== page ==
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Using labs best

Bandolier 55 reported on a systematic review of laboratory test use which showed that a up to a third of tests were ordered for inappropriate purposes. The question left hanging was that of how to change behaviour to prevent silly requesting, and perhaps save rather significant sums, improve value for money, and reduce the huge loads placed on our hard-working laboratories.

Two more studies have swum into our ken, one a systematic review of interventions [1], the other a retrospective analysis of changes made in Ontario in the 1990s [2]. They give a powerful and positive message, that behaviour can be changed to the benefit of all.

What changes behaviour?

In their review, Solomon and colleagues [1] searched the English-language literature using several databases for studies to modify diagnostic test behaviour. Studies reviewed had to examine behaviour with an intervention and control and look at tests used for diagnostic procedures, and not just screening.

Because this is a difficult area where the normal rules of randomised trials may not always apply, they created their own set of methodological standards and applied them (blinded) to the 49 studies which met their inclusion criteria. The maximum score was 38 points.


There were only eight randomised studies, and the overall methodological quality was low, with a mean of 13 out of a possible 38 points. The majority (67%) of the studies targeted physicians in training, only 37% observed the results for 12 months or longer and only 45% looked at the impact on test ordering when the intervention had ended.

Reductions in test ordering by volume or cost was reported in 76% of the studies. The most impressive was that 86% of studies which looked at more than one behavioural change reported a reduction in test ordering. Audits used in conjunction with interventions designed to remove barriers to behaviour change were highly successful, with nine of 12 reporting reduced test ordering.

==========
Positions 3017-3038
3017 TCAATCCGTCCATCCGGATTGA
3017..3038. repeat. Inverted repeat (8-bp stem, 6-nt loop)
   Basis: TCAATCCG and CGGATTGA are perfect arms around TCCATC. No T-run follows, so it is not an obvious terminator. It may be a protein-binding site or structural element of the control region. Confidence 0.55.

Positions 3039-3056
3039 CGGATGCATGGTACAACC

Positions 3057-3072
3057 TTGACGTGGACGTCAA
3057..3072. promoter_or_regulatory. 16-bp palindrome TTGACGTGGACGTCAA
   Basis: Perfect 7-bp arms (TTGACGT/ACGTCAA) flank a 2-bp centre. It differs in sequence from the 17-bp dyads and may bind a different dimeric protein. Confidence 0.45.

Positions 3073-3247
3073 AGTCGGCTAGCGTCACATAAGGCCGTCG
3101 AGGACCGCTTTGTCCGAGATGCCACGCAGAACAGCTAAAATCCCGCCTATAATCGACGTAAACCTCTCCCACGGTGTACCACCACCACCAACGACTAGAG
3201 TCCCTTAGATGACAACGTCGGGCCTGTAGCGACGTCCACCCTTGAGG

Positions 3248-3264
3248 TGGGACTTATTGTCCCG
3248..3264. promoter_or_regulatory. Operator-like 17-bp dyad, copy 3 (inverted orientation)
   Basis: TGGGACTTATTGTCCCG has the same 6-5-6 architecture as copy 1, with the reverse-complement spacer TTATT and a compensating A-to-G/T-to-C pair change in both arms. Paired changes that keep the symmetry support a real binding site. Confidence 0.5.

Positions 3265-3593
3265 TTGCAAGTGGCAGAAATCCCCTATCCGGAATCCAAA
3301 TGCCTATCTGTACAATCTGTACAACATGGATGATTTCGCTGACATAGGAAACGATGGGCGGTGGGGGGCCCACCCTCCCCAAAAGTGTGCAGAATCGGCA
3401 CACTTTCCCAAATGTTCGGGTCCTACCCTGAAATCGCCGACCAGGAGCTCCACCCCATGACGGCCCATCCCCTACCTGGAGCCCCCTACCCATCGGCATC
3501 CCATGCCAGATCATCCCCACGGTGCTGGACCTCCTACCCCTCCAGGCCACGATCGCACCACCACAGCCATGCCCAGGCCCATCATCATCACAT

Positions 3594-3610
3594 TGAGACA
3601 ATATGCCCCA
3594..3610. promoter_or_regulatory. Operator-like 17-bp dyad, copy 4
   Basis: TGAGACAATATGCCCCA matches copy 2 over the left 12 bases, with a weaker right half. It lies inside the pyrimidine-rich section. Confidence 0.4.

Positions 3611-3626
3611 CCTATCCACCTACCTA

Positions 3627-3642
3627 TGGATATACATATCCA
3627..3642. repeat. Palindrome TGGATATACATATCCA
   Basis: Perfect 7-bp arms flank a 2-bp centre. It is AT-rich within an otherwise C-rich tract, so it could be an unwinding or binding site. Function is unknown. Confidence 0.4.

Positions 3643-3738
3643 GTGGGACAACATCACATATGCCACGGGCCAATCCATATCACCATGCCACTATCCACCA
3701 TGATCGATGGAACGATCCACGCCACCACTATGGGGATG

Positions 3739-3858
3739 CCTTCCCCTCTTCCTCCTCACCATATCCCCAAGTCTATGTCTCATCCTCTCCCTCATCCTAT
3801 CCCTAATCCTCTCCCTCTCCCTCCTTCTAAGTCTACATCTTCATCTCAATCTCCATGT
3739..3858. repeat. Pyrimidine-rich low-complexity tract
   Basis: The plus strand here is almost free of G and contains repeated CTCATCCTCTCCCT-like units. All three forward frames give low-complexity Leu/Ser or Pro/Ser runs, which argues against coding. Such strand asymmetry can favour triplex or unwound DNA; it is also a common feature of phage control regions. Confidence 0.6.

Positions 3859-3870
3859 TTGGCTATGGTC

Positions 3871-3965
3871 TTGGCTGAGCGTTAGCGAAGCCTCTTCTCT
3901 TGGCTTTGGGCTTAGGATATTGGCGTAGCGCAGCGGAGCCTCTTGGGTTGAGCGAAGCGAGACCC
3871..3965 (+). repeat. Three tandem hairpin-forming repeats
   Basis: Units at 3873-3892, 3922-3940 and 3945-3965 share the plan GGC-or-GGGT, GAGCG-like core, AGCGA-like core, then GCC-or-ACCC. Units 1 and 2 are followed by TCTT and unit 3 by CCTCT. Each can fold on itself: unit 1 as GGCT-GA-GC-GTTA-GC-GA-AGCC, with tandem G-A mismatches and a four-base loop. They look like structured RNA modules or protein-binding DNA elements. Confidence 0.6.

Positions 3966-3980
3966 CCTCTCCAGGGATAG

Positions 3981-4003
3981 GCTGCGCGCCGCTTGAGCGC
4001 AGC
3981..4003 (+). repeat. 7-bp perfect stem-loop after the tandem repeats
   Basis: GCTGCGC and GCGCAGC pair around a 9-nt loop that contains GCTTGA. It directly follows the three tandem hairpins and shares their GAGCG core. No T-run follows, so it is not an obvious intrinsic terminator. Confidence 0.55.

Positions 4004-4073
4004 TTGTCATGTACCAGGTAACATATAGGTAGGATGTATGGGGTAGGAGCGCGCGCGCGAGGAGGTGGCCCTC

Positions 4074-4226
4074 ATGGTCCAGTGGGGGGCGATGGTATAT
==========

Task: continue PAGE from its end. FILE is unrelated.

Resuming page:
All of the interventions which used multiple lever strategies which addressing education, skills and barriers, and with feedback, were successful.

Making behaviour change

van Walraven and colleagues [2] examined the problem from a different perspective - looking back to see what the impact of a number of guidelines, test-ordering form and policy changes had been on the ordering of tests in Ontario. The background was an increase of 9.4 to 17.4 tests per person per year between 1976 and 1993.

Guidelines developed and introduced between 1991 and 1997 by expert panels were considered, and the effect on test ordering of erythrocyte sedimentation rate (ESR), renal dysfunction (microscopy, creatinine and urea), iron stores (iron and ferritin) and thyroid tests (TSH, T4-uptake) examined. Six tests (haemoglobin, glucose, sodium, uric acid, copper and aldolase) representing high, medium and low rates of use, and for which no guidelines were introduced, were used as controls.


Over the years 1991 to 1997 there was no change in age and sex standardised rates of use of any of the six control tests. By contrast, the effects of a variety of interventions made a big difference:

For ESR, removing a tick box from a request form plus guidelines discouraging ESR for asymptomatic patients led to a reduction from about 2000 to 500 tests per year per 100,000 population (Table).

Effect of policy, guideline and test form changes on test ordering
Clinical area Intervention Tests Effect of intervention
Haematology Change in form plus guidelines ESR 58% drop in requests (from 2000 to 500 per 100,000 persons)